Health Canada has approved certain COVID-19 vaccines for children aged 5 and up; and for many, this is good news and a glimmer of hope that things will soon return to the pre-COVID norm.

However, for other separated or divorced parents, this may cause new legal challenges. Unlike many other parenting issues, it is impossible to make concessions or reach a compromise on an issue like vaccination. A child is either vaccinated or not; there is no in-between. So, what do parents do in situations where they cannot agree on whether their children should be vaccinated against COVID-19?

Sole Decision-Making or Joint Decision-Making

If a parent has sole decision-making responsibility (formerly referred to as “sole custody”) over all major decisions that pertain to the child or just medical/health decisions, that parent could simply choose to vaccinate their child or not, without the other parent’s consent or agreement. Generally speaking, the parent with sole decision-making responsibilities should provide notice of their intention regarding a major decision to the other parent, and they should also make an attempt to discuss the issue with the other parent before making or finalizing a decision. And if the other parent takes issue with this decision, they could potentially seek court intervention.

However, for parents that share decision-making responsibility (where they have joint decision-making rights or “joint custody”) and disagree about this issue, their only recourse may be via litigation.

Best Interests of the Child is Primary Consideration

Courts in Ontario and throughout Canada have been fairly consistent in how they deal with questions of whether a child should be vaccinated against COVID-19. The primary consideration remains the “best interests of the child”. When tasked with figuring out whether it is in the child’s best interests to be vaccinated against COVID-19, judges and courts will consider several factors, including the child’s age, health, and whether the child has any particular medical needs.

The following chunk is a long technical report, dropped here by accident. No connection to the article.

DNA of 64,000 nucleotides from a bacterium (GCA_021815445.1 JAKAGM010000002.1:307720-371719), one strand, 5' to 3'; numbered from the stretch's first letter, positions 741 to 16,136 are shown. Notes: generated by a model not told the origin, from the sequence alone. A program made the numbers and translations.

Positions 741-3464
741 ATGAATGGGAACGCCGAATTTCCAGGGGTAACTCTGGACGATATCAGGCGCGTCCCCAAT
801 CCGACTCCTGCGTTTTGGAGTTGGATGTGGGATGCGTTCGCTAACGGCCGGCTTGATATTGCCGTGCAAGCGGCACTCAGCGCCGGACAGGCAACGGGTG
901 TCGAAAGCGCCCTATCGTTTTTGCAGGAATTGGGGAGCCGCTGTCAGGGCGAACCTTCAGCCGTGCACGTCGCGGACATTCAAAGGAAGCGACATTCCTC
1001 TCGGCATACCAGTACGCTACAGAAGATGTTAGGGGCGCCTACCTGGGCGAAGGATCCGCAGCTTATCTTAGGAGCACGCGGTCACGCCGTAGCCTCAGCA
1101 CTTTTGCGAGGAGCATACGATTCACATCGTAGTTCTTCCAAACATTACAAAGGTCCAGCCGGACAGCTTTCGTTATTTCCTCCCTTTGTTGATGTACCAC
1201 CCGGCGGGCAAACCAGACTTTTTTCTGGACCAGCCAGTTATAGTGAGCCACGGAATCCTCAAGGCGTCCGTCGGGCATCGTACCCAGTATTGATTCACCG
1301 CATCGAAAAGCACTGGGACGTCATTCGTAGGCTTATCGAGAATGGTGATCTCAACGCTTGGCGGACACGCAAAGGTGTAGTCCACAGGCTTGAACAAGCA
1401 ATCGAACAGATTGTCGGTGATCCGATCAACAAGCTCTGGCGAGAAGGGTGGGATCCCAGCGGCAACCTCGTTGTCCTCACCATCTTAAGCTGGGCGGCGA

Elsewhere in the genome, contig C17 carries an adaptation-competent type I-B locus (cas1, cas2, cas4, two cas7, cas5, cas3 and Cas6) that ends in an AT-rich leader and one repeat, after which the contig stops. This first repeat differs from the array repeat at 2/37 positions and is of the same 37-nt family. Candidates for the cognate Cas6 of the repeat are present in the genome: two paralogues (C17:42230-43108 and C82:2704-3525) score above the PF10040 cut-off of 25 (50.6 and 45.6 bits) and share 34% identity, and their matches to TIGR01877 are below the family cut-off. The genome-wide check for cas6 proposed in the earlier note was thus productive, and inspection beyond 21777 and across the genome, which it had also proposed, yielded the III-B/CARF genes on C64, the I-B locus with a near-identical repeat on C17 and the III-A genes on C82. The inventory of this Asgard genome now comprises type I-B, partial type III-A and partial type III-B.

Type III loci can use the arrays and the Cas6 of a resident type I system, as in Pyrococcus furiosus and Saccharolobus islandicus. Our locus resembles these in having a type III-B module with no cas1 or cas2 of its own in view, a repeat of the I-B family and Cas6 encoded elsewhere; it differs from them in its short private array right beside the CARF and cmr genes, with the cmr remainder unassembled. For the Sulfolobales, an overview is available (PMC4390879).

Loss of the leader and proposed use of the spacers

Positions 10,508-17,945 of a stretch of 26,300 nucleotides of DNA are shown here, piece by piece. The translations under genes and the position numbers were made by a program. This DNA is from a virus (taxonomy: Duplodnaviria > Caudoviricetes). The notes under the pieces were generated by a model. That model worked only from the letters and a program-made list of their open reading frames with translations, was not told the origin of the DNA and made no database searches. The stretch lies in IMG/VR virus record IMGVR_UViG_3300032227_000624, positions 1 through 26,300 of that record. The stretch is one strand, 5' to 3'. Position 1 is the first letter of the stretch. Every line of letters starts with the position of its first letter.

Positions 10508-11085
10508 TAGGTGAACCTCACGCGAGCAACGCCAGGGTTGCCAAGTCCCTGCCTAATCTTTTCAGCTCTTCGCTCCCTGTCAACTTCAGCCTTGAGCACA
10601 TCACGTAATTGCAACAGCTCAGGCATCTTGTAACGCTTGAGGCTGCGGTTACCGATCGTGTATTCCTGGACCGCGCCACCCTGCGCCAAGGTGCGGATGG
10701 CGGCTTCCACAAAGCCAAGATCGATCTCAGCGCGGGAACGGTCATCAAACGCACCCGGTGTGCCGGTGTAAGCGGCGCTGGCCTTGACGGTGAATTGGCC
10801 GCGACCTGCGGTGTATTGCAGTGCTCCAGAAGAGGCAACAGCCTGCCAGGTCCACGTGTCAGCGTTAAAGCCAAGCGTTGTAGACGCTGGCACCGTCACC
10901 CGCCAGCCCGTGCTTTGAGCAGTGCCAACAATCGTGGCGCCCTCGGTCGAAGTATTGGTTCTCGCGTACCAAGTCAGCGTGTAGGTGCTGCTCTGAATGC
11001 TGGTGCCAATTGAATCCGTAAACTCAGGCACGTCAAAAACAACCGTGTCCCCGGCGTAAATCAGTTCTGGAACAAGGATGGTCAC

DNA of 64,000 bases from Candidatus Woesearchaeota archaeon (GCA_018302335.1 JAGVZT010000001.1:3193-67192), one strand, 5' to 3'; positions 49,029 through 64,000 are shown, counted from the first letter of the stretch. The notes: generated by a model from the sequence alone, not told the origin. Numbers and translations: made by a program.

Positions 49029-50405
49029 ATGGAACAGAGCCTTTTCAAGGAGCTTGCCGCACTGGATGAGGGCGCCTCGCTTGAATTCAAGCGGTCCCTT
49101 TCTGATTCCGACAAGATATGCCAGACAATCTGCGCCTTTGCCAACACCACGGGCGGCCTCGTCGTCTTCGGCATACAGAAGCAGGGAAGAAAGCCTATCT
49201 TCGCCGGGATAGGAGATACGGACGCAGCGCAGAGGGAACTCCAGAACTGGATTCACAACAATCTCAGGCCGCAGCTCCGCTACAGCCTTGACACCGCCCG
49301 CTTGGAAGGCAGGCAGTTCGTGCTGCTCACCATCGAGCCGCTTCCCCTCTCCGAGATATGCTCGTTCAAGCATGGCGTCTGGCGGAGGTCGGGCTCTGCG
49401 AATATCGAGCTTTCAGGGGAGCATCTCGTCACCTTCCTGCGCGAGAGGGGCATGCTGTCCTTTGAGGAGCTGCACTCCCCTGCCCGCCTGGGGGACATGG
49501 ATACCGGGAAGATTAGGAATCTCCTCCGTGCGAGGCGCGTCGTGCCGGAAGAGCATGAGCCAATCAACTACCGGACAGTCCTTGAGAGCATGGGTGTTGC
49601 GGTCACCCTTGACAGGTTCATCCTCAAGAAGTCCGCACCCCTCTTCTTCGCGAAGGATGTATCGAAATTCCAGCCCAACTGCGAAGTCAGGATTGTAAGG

Government and Public Health Recommendations

A substantial factor in any vaccine-related determination by the court will be the government’s recommendation at the time. At present, judges have generally deferred to scientists, doctors, and public health officials and have accepted the government’s recommendation that it is generally in the best interests of children to be vaccinated, subject to a specific child’s health condition and/or vulnerabilities. This is reflected through cases coming out on this issue in Ontario and all throughout Canada.

Court Decisions on Vaccination Disputes

In the October 2021 case of Saint-Phard v. Saint-Phard, the Ontario Superior Court Justice decided in favour of the father who wanted to have the parties’ 14-year-old son vaccinated against COVID-19. The court found that it was in the child’s best interests that he be vaccinated. In this case, the court took judicial notice regarding the safety and efficacy of publicly-funded vaccines, and the fact that the Ontario Ministry of Health has approved certain vaccines for children ages 12 years and older. Costs were ordered against the mother in the amount of $2,000.

Similarly, in the case of A.P. v. L.K., the Ontario Superior Court Justice again accepted government recommendations on vaccinations for children, and found in favour of the father who wanted to vaccinate the children against COVID-19. The court’s judgment overturned a previous decision by a family arbitrator in favour of the mother, who did not want the children to be vaccinated.

Contact GDH Family Law in Vaughan for Advice on Decision-Making Responsibility & Vaccinations

GDH Family Law provides reliable advice for parents who are unsure of their decision-making responsibilities and rights, whether regarding COVID-19 vaccinations or otherwise. We are based in Vaughan and represents clients throughout Maple, Concord, Woodbridge, Markham, Kleinburg, Richmond Hill, Nobleton, Toronto, Newmarket, Aurora, Brampton, Caledon, Mississauga, Etobicoke, North York, Thornhill, and King City. To request a free initial consultation with a family lawyer about parenting issues or any other family law matter, contact us at 416-535-6944 or reach out online.